LOS ANGELES – A Los Angeles police officer is suing the city, alleging management took career-damaging steps against him to keep him quiet about purported illegal quotas that commanders ostensibly established to increase specific crime statistics involving guns and gangs.
Officer John Walker’s Los Angeles Superior Court retaliation suit, filed Wednesday, seeks unspecified damages. A representative for the City Attorney’s Office issued a statement Thursday regarding the suit.
“We will review the complaint and have no further comment at this time,” the statement read.
Walker is a 13-year LAPD veteran who was assigned to Metro Division in 2015 after applying for and being selected to a coveted position on the SWAT team, the suit states.
However, Walker’s career was “irreparably harmed” when the department allegedly retaliated against him beginning in January 2020 by ordering him to remain at home, removing his police powers, stripping him of his gun and serving him notice of an intent to downgrade his LAPD position, the suit alleges.
The problems for Walker began when in 2015, as part of a Metro expansion by then-Chief Charlie Beck. Walker and other LAPD officers began to be pressured to increase the production of specific crime statistics, the suit states..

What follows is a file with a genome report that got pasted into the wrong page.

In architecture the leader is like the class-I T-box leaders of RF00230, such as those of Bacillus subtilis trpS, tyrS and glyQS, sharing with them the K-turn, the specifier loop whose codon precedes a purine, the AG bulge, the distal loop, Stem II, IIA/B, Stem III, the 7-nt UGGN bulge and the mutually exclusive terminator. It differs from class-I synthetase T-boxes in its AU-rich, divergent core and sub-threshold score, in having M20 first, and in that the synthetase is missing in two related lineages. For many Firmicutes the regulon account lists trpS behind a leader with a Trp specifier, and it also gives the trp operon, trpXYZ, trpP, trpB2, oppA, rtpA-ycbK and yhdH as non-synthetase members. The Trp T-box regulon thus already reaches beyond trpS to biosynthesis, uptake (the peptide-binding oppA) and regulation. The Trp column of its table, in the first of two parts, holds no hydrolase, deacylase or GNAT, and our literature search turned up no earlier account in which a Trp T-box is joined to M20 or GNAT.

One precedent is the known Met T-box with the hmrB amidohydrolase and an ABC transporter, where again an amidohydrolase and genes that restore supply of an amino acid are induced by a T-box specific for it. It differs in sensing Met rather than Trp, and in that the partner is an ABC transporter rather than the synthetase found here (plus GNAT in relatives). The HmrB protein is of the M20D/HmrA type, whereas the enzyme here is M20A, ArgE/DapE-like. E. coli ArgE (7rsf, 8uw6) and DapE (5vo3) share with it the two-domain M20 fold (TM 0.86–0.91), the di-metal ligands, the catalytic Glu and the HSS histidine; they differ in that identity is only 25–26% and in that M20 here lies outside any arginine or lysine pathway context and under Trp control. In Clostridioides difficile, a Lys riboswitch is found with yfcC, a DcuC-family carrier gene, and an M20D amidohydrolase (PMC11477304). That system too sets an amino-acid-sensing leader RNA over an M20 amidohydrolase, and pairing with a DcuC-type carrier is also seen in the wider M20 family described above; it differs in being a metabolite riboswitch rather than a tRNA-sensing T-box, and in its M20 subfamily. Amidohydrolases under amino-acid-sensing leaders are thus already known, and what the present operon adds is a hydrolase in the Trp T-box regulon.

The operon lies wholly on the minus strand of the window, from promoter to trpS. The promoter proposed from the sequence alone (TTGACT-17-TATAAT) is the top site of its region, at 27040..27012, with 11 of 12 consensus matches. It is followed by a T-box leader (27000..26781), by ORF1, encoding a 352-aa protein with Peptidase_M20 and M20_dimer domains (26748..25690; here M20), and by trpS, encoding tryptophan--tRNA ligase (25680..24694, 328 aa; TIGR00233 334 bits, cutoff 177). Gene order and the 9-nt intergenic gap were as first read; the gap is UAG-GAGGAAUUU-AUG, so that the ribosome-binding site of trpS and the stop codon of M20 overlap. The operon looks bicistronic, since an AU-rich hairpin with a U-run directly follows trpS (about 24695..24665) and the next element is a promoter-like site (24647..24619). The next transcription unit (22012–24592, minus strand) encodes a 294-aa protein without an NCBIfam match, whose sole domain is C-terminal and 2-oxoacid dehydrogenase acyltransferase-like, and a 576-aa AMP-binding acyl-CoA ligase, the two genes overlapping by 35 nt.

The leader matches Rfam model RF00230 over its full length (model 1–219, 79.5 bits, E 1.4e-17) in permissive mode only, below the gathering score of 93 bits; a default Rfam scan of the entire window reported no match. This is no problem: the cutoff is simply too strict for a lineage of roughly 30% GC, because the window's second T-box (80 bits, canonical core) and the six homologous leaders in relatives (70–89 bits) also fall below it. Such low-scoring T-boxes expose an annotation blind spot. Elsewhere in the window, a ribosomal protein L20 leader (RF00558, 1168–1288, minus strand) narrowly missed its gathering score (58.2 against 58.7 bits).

The command staff ordered that Walker and the other Metro officers report higher numbers of contacts with gang members, make more gun-related arrests and seizures and take more gang members into custody, the suit alleges.
“The clear message to (Walker) from the department and its various levels of command staff was that officers needed to make more arrests related to gangsters and guns,” the suit states.
In roll calls and briefings, it was “all about the guns” the arrest numbers, according to the suit, which further alleges that “minimums had to be met.”
At Metro, if an officer went more than a day or two without producing a gang or gun arrest, commanders made it clear that the officer’s production needed to increase, the suit alleges.
“This was part of the methodology used to send and enforce the message: `Do as we say regarding our demands of arrests … or you are done here,”‘ the suit states
Metro officers with more gang arrests had the best chance to be promoted, the suit states.
Requiring specific numbers of certain types of arrests violates the arrest quota in the state Vehicle Code and also potentially violates other due process and constitutional requirements, the suit states.
The LAPD’s decision to allegedly retaliate against Walker and other officers was done to send a message to the entire Metro officer population to be quiet and to not speak out regarding the potentially unlawful policies and practices in Metro of “pressuring/ordering/requiring” officers to increase the statistics of identifying gang members and making gang- and gun-related arrests,” the suit states.
Walker’s position was not downgraded and believes the reason for that is the LAPD “realized that it acted hastily and improperly,” the suit states
Nonetheless, the other elements of the alleged LAPD retaliation has damaged Walker’s reputation, his ability to promote and his chances to be selected for other units and specialized assignments, the suit states.
“The retaliation will cause (Walker) to have to take a different career and retirement path … and will adversely affect his income, pension and other benefits,” the suit states.
Walker’s health also has been adversely impacted, according to the suit.